Specs

Weight 2 lb / 14 oz
Capacity 60 L / 3660 cu in

Reviews

1

Lightweight roomy pack for weekend to weeklong use.

Rating: rated 5 of 5 stars
Source: bought it new

Summary

Lightweight roomy pack for weekend to weeklong use. Comfortable. Simple design.

Pros

  • Lightweight, but will carry 30-35lbs comfortably
  • Rasy access to daily needs

Cons

  • Would like a better lid option

I bought this in my quest to reduce overall pack weight. In the last year, it has proven tough, comfortable, and once I changed my packing procedure to fit this style, it has proven very trail-worthy. I have two packs, this one and a larger Deuter that I've used for about 7 years. I increasingly reach for the Blaze these days.

Unlike most of the backpacks I have owned, this style has no separate bottom compartment, or other outer zippered pockets.  In the past I used those compartments for sleeping bag and pad, puffy jacket or other things I wanted to grab easily. The Blaze is one big sack, with outside mesh panels, and required me to rearrange how I pack a bit.

Once I got used to the system, I really like the concept. Basically, all the gear I would need during the day goes in the outside pockets. The rest stays inside. I rarely if ever open up the pack to go inside until I get into camp. Stuff inside has stayed bone dry despite walking in stupid weather. But I kinda gravitate toward wild weather anyway.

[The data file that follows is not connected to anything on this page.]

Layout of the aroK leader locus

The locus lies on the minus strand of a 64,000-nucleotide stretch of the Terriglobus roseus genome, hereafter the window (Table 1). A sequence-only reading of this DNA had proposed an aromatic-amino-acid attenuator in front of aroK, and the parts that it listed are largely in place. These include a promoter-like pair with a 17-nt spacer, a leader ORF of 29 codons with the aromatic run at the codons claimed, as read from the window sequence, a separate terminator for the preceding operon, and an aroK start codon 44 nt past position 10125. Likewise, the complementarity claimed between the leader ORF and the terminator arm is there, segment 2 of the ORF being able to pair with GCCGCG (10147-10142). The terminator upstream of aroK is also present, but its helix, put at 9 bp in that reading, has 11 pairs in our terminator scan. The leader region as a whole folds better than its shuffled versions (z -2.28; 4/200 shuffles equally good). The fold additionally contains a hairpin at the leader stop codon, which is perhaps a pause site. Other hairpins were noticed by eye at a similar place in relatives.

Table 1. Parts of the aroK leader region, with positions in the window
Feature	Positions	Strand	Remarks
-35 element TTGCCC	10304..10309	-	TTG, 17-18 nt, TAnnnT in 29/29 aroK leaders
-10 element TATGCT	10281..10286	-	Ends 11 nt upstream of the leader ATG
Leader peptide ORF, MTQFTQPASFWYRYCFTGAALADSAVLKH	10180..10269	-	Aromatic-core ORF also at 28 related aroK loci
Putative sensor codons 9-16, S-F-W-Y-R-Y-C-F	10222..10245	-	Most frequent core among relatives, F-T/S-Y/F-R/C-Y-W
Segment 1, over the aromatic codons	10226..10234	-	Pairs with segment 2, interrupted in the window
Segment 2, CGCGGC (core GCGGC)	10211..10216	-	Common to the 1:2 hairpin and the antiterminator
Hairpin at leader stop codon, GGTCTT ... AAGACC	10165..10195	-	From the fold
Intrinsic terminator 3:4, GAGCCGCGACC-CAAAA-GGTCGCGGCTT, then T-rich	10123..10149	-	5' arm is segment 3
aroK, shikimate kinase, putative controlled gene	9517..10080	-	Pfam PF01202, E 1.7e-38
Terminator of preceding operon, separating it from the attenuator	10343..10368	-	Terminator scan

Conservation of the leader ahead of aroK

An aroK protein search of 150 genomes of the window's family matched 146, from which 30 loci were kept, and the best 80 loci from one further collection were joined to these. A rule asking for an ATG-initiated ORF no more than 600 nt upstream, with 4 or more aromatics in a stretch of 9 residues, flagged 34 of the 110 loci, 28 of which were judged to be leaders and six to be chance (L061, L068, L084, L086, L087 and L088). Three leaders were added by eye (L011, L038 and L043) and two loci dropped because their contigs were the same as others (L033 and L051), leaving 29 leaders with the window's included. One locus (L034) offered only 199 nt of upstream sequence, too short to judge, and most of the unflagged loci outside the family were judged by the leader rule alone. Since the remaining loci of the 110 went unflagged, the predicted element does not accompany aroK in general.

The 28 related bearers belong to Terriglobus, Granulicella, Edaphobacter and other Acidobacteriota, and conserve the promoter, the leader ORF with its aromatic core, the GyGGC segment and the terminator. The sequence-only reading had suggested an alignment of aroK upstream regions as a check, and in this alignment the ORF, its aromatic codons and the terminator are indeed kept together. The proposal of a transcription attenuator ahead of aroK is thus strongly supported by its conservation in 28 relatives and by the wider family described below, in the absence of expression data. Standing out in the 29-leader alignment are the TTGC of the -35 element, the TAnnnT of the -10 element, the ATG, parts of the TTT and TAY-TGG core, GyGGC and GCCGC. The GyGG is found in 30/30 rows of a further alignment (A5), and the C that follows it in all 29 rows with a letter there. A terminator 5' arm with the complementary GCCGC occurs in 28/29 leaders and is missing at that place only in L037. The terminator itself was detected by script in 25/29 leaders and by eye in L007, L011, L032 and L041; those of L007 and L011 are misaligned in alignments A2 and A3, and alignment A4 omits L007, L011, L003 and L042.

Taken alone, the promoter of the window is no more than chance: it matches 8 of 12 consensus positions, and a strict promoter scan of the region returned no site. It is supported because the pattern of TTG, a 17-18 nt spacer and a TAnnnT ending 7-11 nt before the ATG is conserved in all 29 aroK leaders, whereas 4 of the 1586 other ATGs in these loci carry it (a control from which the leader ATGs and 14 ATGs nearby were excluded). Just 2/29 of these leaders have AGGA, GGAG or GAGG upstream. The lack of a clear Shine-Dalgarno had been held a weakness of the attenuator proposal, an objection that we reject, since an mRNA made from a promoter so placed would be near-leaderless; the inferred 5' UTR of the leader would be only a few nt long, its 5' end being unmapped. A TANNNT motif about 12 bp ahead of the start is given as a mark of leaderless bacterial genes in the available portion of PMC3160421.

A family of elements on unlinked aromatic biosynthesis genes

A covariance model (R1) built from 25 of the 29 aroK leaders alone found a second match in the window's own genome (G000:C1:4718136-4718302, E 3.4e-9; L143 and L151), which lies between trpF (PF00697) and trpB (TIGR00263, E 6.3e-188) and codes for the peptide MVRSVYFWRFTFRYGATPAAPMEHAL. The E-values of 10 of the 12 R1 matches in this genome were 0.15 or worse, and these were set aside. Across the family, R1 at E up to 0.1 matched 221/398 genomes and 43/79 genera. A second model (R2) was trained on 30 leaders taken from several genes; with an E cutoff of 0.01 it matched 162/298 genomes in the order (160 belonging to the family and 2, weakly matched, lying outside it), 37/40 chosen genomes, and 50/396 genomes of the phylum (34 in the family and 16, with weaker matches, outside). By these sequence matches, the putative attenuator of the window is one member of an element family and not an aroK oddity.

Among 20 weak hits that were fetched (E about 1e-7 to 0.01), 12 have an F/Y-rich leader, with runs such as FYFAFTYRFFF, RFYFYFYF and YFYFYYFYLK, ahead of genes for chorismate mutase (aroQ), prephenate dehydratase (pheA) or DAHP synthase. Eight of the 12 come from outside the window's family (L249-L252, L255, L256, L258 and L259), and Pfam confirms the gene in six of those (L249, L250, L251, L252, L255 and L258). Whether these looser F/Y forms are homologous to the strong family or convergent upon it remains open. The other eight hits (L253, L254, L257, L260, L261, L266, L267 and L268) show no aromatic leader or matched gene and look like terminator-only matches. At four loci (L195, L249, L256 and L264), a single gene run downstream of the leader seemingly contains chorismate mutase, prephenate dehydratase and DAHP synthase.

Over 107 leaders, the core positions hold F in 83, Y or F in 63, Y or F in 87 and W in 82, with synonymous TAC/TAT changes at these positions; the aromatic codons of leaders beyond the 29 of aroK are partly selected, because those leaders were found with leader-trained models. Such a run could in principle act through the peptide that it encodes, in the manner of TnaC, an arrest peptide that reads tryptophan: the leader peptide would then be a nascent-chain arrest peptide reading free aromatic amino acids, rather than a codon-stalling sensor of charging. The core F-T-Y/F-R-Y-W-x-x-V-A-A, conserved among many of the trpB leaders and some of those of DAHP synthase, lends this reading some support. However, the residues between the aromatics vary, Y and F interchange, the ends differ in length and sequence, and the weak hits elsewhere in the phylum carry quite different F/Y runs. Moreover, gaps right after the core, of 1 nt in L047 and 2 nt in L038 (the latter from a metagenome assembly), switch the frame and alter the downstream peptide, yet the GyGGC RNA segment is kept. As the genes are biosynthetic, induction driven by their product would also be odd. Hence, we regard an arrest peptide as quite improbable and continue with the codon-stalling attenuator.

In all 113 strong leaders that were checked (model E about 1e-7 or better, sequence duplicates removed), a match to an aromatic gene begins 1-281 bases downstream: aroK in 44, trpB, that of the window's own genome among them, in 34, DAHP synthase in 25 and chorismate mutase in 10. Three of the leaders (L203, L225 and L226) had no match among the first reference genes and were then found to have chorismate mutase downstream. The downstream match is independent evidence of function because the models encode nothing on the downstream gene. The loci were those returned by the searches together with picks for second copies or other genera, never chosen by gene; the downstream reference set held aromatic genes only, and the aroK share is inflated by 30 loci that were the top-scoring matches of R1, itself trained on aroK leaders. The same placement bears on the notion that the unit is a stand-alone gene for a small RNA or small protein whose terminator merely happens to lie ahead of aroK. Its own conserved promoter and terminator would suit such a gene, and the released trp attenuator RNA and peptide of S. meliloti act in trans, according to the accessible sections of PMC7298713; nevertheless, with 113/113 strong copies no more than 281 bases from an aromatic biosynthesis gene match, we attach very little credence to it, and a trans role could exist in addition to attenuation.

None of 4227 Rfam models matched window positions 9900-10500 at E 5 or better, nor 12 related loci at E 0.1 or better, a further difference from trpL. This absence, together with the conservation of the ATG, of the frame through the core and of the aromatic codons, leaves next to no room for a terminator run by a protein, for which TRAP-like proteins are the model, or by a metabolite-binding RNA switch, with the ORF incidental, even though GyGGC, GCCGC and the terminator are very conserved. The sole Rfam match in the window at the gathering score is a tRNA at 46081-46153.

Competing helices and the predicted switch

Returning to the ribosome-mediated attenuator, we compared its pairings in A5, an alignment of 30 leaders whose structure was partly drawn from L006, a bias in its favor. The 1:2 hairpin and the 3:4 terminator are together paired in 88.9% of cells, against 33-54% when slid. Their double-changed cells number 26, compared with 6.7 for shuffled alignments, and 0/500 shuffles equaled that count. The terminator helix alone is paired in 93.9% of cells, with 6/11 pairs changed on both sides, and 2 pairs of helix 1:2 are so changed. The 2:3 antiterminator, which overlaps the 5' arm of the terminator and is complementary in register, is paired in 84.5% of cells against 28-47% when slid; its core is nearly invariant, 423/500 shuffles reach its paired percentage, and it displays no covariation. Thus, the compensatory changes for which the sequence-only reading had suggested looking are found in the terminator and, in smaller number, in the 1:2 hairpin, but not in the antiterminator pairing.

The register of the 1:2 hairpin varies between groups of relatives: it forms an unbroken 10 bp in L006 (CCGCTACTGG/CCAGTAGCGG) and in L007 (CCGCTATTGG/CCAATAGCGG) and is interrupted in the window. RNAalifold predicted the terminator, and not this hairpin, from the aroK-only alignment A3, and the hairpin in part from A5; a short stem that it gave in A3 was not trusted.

It is not designed to hang a lot of stuff on the outside, but it does have options. My tent (a Tarptent Scarp1) is attached to one side. The line lock compression cords, are at their limit with the tent, but I can easily change that to longer cords later. Might swap out the side cords for a thin strap with quick release buckles, but so far the cords have worked just fine.  

I could attach the tent vertically on the back, but I use the big pocket for rain pants, rain jacket, extra hat, gloves, rain cover; it's amazing how much junk you can stuff in there. Sleeping bag and inflatable pad, clothing, food, and other items go inside of course. There is no option to attach anything (like a sleeping pad) horizontally on the bottom. One of the reasons why I went to an inflatable pad. Fold it flat and put it inside.

The top of the bag is a roll-top, a big sleeve that extends up, rolls over, and is held by two straps. After packing the bag, I will use those straps to cinch down my stove/lunch bag or my puffy parka on top. I can actually get a weekend's to a week's worth of gear in this thing and be quite comfortable.

I carry the same gear no matter what the length of the trip. The only thing that changes is food. It is hydration bladder compatible. Nice deep pocket will fit a Platy fine. My bite valve has a quick disconnect so I can connect a filter and fill the platy on trail without taking out of the pack.

There is a zippered lid that is sold separately. I have mixed feelings about it. The Deuter pack and other packs I have used have what's called a 'floating lid'. As the pack is filled, you are able to adjust the lid height to accommodate more gear.